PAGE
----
Differentiating with extracurricular content means including a variety of disciplines, ideas, systems of thought and issues not addressed in the regular core curriculum in the grade in which the student is currently placed. It is usually selected by the teacher, so it may or may not be related to student interests. Connecting extracurricular content to student interests is a wonderful idea. This can enhance their motivation and engagement. It is particularly important to ask for student input when working with those who are underachieving or under-motivated.
When a student has demonstrated mastery of core content, extracurricular content may be woven into regular curriculum areas or studied in place of regular curriculum content. This is an opportunity to expand a student’s horizons, introducing new subjects and disciplines. A majority (70%) of the high ability learners who completed a survey of learning preferences indicated they enjoyed studying REAL problems like endangered species, pollution, peace, politics, power, death and so on.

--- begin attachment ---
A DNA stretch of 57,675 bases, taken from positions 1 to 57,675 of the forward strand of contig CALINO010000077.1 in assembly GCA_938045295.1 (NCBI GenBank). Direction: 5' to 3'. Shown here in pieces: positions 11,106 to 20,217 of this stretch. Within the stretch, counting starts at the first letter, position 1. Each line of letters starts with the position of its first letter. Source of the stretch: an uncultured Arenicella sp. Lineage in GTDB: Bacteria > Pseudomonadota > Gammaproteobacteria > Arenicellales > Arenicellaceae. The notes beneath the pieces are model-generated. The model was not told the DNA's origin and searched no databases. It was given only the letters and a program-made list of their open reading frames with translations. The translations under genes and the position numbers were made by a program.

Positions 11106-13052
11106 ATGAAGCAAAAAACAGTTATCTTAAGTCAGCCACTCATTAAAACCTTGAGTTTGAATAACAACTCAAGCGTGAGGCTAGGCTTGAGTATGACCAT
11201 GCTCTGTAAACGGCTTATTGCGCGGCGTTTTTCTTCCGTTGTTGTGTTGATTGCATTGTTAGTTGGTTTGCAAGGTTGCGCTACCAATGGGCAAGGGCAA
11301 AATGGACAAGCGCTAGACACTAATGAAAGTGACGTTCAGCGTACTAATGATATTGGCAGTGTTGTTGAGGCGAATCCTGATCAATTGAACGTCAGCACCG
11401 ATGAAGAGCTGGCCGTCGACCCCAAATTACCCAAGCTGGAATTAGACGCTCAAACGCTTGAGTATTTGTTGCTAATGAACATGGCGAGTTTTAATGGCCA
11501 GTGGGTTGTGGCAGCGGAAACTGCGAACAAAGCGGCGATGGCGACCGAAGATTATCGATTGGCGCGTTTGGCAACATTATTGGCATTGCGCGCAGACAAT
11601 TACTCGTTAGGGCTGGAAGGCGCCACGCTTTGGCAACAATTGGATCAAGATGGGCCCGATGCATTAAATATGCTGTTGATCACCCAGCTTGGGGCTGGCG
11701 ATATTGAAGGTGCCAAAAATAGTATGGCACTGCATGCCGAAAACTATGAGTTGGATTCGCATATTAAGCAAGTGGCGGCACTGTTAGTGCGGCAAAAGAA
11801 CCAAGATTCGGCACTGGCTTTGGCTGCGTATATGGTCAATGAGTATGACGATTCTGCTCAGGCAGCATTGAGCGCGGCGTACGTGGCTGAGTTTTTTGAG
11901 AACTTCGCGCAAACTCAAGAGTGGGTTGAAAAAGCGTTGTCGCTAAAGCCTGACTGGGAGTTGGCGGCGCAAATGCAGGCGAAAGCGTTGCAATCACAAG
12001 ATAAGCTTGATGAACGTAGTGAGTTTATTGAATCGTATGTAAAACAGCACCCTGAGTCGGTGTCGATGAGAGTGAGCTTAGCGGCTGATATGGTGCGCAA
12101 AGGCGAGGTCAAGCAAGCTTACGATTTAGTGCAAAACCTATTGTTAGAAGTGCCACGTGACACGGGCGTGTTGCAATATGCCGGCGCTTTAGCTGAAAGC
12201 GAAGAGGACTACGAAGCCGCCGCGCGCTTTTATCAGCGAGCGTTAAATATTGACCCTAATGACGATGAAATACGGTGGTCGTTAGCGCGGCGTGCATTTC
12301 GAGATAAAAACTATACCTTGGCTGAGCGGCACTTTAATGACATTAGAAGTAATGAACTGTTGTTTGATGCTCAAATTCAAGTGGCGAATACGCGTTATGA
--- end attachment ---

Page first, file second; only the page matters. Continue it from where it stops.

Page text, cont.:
Extracurricular topics may be in either of two forms, or a combination of the two. The first is enrichment. This occurs when the content is not addressed as part of the core curriculum in any grade, from kindergarten through grade 12. The second form is acceleration, specifically subject matter acceleration. This occurs when the student engages in content before her or his classmates.
This differentiation strategy may overlap with at least two others. When a student’s interest is woven into extracurricular content by the teacher, a “Real Life Topic” is also addressed. If the student identifies the topic, “Self-selected Content” is also involved.
Imagination is your guide when determining extracurricular content. It might include animation, chaos theory, agriculture, robotics, survey techniques, celestial navigation, sustainability, jewelry design, entrepreneurship, publishing, fractals, bioethics, or a foreign language. This content works well in individual pursuits or in “replacement activities” developed for students when curriculum is compacted to differentiate the pace of learning.